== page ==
Battle of Springfield

The Battle of Springfield, Missouri, fought January 8, 1863, was the first of two battles during Confederate Brigadier General John Sappington Marmaduke’s Southwest Missouri Raid. Marmaduke’s immediate objective was the destruction of the Union Army of the Frontier’s major winter supply depot, housed in and around Springfield’s Public Square. If successful, Marmaduke would cause severe hardship for the Army of the Frontier and almost certainly would force the Union army’s withdrawal from Arkansas.

Marmaduke had hoped to surprise Springfield’s garrison, but Union Captain Milton Burch’s Company H, 14th Missouri State Militia Cavalry Regiment, while scouting near Dubuque, Arkansas, on January 6, 1863, had detected Marmaduke’s movements. Burch had retreated with his company to Lawrence’s Mill in Douglas County, Missouri, before daylight of January 7. Captain Burch then sent a warning message: A Confederate force, estimated between 4000 and 6000 strong, was moving toward Springfield. This was alarming news for Union Brigadier General E. B. Brown’s Springfield & Ozark garrisons, whose commands included only 1343 veteran soldiers. With suggestions from militia officers Brigadier General C. B. Holland, Henry Sheppard, and Doctor Samuel Melcher, General Brown called upon all available Enrolled Missouri Militia commanders to concentrate their commands immediately at Springfield. Meanwhile, officers searched Springfield’s hospitals for any convalescent soldiers who might be able to walk short distances and carry a musket for the following day.

The morning of January 8 began with a Union delaying action. Brown sent the 3rd & 4th Missouri State Militia Cavalry Regiments south of Springfield to locate and delay Marmaduke’s Confederate forces while the arriving 309 local Union militiamen and 447 convalescing hospital patients received arms, equipment, and ammunition from the town’s armory. By noon, Brown had an armed force of 2099 soldiers and citizens ready to defend Springfield. Marmaduke, on the other hand, was unable to locate his second brigade, so only 1870 Confederates were present for the battle. The two Union cavalry regiments pulled back to the southern edge of the city about 1 p.m. The 4th Missouri State Militia Cavalry Regiment withdrew through modern day Jenny Lincoln Park to a defensive position along Cherry Street.

From 1 p.m.-5 p.m., Confederate Colonel Jo Shelby launched regiment-sized attacks in succession against the Union’s east flank, left center, right center, west flank, and a second time against the right center as he probed for weaknesses in the Union battle line. From 2:00-2:30 p.m., the Confederate 12th Missouri Cavalry Regiment charged across modern day Jenny Lincoln Park in an unsuccessful effort to storm the Union left center, where a company from the 74th Enrolled Missouri Militia and another from the Quinine Brigade (convalescing soldiers) held fast inside Fort Number 4 on South Street. Between 2:30 & 3:00 p.m., the Confederate 5th & 12th Missouri regiments’ attacked the Union right center and almost broke through, but reinforcements from the Quinine Brigade sealed off the breach near Mount Vernon Street and Campbell Avenue. Between 3:00 & 4:00 p.m., the Confederate 11th Battalion and 5th Missouri Regiment attacked the Union west flank and drove the 72nd Enrolled Missouri Militia Regiment to the point of a near rout, but reinforcements from the 18th Iowa at Fort Number 2 and seven cavalry companies from the unengaged east flank arrived in the nick of time to stave off defeat. With these reinforcements the Union forces on the West flank halted the Confederate advance at Walnut Street and then counter-attacked from College Street and pushed the Confederates south to Mount Vernon Street. At 5 p.m., elements of the Confederate 11th and 12th Cavalry Regiments made one last assault against the Quinine Brigade and militiamen in Fort Number 4, but the Union right center did not budge. At dusk, the 18th Iowa Infantry Regiment’s five remaining companies made a charge that pushed the Confederates south of State Street. Realizing that his force was too small to defeat the Union garrison, Marmaduke disengaged his Confederate forces about 11 p.m. He retreated from the battlefield on the morning of January 9.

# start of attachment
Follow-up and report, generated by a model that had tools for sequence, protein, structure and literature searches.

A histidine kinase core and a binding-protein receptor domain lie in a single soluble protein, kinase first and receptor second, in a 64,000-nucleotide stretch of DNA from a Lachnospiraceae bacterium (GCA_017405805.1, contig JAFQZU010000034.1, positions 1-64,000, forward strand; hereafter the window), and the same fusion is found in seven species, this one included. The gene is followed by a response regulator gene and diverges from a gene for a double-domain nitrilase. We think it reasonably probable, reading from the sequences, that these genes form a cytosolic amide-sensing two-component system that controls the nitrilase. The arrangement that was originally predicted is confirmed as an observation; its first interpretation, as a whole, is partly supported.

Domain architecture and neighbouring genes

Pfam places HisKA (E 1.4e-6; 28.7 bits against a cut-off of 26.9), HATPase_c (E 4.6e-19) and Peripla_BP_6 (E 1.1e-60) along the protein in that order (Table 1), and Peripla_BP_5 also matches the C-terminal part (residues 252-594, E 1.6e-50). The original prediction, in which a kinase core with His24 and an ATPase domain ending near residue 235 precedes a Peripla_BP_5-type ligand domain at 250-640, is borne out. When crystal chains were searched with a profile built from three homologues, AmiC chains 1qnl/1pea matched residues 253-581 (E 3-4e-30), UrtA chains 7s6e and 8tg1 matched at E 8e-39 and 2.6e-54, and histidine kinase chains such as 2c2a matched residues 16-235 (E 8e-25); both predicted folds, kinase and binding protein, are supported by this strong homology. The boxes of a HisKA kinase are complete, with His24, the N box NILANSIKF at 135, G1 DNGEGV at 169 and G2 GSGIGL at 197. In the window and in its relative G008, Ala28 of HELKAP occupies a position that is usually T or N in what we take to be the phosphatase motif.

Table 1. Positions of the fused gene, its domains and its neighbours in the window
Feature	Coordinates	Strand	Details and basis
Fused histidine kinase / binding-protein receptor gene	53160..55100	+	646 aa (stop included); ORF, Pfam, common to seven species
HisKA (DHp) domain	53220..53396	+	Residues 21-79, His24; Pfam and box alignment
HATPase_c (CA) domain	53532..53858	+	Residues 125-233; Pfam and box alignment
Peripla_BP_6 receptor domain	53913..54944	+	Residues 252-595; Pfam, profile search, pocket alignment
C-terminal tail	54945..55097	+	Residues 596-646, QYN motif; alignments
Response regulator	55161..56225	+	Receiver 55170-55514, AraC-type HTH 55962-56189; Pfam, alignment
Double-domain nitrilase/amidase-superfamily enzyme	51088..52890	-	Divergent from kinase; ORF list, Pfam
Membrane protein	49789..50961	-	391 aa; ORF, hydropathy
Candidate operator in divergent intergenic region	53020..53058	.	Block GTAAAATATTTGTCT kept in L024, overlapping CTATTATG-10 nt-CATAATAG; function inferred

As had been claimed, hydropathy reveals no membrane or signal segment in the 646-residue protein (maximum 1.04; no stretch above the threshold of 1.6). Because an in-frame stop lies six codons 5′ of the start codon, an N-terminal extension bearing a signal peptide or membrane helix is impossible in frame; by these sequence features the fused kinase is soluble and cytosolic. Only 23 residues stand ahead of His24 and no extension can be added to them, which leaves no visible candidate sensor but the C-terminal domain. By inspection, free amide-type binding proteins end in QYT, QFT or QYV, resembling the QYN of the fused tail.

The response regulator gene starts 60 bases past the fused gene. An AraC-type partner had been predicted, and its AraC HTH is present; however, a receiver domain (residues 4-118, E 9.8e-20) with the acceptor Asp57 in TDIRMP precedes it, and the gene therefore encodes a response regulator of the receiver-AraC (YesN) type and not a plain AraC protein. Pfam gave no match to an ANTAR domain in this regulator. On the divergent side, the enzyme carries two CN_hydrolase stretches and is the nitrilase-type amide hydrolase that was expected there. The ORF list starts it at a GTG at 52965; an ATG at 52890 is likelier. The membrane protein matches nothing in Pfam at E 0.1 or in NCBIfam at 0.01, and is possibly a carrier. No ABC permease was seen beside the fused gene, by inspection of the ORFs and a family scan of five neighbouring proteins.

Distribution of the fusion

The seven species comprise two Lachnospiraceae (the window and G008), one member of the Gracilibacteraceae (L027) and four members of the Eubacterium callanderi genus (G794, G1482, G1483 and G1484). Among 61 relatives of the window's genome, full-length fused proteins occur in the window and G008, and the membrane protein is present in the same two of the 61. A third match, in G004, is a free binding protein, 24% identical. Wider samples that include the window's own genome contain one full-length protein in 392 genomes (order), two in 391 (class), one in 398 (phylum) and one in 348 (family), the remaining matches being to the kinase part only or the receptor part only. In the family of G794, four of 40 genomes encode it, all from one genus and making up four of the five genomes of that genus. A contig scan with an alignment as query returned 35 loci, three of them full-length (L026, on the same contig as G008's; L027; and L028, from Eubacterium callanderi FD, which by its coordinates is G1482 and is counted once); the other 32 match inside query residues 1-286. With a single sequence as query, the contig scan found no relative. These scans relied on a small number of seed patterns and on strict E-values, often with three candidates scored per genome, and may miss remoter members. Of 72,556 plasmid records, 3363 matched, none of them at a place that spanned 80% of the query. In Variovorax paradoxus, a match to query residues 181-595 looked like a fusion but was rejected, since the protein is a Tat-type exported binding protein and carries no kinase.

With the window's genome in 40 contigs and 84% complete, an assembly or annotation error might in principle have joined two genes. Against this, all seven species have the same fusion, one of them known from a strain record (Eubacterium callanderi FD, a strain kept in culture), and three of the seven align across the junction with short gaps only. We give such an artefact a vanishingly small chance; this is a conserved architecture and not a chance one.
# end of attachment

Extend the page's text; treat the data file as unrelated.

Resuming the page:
What were the Casualties? Of the 2099 Union forces engaged, 19 were killed or missing and 146 were wounded for a total loss of 165 men (7.9 Percent). Of the 1870 Confederates engaged at Springfield, 45 were killed or missing and 105 were wounded for a total loss of 150 men (8.0 percent).

So…Who won? The Union won a major tactical victory since they successfully held onto the town and saved the Union Army of the Frontier’s winter supplies. Another small Union force defeated Marmaduke at the Battle of Hartville on January 11, 1863. The Confederates claimed a minor strategic victory because at least two Union divisions withdrew from Arkansas to defend Southwest Missouri.

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